Kachkeis is a Luxembourg specialty. It is a creamy, yellow cooked cheese that is spread over bread and topped with mustard. Hmm. Kachkeis vs Camembert. Kachkeis vs Brie. Another reason to feel inferior to the French. Their other specialty is a damson jam and bean soup. Fromage and baguettes, beer and brats, pizza and pasta will beat that every time.
Steel was big in the second half of the 19th century through the 1970s, and now Finance and Banking are the key business sectors. Sounds familiar. RTL Group is Europe's leading entertainment company and is based here, as are many branches of the EU (The European Court of Justice, the General Court, the Court of Auditors, and the European Investment Bank) and a number of multinational companies. In fact, there are roughly half as many people working in the Amazon office as there are in the 1,000 soldier strong Luxembourg Army. I just bored myself re-reading that.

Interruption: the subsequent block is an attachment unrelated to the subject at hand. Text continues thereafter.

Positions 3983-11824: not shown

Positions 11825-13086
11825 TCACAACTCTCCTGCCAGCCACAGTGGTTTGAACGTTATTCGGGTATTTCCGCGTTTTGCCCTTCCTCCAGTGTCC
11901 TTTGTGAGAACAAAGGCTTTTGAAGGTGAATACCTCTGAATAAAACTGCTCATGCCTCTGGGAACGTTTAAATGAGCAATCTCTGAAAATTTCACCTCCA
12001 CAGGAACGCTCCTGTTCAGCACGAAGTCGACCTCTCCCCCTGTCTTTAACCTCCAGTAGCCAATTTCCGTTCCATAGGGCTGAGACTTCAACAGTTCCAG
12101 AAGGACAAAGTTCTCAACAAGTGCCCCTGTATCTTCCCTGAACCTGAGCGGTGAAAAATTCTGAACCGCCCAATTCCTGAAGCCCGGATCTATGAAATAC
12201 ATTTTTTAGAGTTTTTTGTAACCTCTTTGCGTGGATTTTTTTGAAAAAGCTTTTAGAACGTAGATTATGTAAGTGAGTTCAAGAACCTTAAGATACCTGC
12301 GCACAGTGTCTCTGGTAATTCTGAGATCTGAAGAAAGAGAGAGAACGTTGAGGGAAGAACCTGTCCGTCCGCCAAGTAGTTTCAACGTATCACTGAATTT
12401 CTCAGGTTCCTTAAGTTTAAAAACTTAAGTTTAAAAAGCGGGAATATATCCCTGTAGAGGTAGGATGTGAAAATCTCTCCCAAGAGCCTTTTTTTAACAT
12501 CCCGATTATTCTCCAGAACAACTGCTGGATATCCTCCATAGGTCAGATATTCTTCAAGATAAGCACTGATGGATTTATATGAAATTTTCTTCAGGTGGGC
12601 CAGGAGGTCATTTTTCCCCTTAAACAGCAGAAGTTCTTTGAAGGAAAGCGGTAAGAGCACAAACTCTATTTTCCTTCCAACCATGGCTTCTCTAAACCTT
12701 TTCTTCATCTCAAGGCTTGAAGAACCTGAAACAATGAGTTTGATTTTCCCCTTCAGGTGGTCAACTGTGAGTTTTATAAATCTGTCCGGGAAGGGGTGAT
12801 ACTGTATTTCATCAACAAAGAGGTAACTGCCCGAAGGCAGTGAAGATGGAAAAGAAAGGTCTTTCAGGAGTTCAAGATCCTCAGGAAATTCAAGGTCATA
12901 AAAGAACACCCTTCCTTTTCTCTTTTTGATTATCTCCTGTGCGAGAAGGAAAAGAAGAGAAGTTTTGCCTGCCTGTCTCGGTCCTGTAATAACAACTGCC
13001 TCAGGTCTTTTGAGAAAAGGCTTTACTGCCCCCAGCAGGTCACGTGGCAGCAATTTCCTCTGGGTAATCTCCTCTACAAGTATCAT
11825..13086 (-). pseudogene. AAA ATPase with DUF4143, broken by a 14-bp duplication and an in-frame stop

National Day is the Grand Duke’s birthday and is celebrated on June 23. They are fireworks and concerts, a torchlight parade, and food and drink to make it merry (so we hear.) Speaking of drink, there was no mention of the Luxembourg’s production of wonderful, affordable dry white wines and sparkling Cremants along the Moselle River Valley … but I’m studying/drinking up on this and will report back.
“Z” stood for “Zefridden” which means content. Luxembourg ranks second on the EU satisfaction scale at 96% after Denmark. Aside from the Kachkeis, this makes total sense.